Lewis Cites Physical Comedy in Addiction

Making a career out of pratfalls eventually took a toll on Jerry Lewis (search).

The entertainer said Sunday on ABC's "This Week" that he spent 37 years in constant pain as a result of his trademark physical comedy, which led to an addiction to pills.

"In 1965, they gave me one Percodan (search) that took me through the day. And by '78, I was taking 13 a day, 15 a day. The addiction is devastating, because you're not even clear anymore why you're taking it. I had already discussed a variety of options, one of which was to kill myself," he said.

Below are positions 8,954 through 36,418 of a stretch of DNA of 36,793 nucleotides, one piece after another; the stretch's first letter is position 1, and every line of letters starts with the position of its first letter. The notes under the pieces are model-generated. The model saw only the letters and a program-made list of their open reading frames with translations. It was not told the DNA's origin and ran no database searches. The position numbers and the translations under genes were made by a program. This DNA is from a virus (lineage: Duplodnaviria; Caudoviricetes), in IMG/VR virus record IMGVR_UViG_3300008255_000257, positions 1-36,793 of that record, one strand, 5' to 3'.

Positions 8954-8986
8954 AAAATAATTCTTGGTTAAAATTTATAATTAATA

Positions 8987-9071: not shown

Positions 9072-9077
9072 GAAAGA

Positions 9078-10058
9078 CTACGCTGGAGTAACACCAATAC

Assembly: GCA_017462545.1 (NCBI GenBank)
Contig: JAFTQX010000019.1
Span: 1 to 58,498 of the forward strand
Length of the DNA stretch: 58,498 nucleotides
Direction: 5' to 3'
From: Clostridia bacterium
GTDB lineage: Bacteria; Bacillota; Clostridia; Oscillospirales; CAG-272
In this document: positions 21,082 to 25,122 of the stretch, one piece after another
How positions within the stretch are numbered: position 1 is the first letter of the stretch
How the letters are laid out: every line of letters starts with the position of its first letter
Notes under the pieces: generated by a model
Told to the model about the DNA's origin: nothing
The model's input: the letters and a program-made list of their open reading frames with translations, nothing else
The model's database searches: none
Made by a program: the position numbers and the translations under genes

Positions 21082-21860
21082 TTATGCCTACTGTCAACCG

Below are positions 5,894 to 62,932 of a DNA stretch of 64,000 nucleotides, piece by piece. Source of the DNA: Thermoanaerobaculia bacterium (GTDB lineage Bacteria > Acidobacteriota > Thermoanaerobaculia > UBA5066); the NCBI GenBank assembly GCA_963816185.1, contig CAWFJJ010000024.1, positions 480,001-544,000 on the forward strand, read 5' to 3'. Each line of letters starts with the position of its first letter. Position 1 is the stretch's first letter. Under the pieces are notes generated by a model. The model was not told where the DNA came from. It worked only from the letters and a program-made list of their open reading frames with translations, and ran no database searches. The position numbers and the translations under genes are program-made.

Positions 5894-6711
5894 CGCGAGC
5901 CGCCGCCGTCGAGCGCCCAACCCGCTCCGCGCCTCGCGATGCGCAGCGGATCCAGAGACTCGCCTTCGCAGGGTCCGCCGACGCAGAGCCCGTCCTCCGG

"Chronic pain is not like any other malady — it is consistent, it is laborious, it is constant. It doesn't leave you alone. It is the number one reason that we have suicides in this country today," he said.

Relief came in 2002 with neurostimulation, which delivers precisely controlled, low-voltage electrical stimulation to the spinal cord. The stimulation blocks pain messages from reaching the brain. Instead of pain, Lewis feels a "tingling" sensation.

"I have a battery under my skin," Lewis, 79, demonstrated. "This is the programmer. So, I pressed this on button here, as I do now. Did you hear that? A little ping. And I'm stimulating, and I don't have any pain. It also opens my garage door."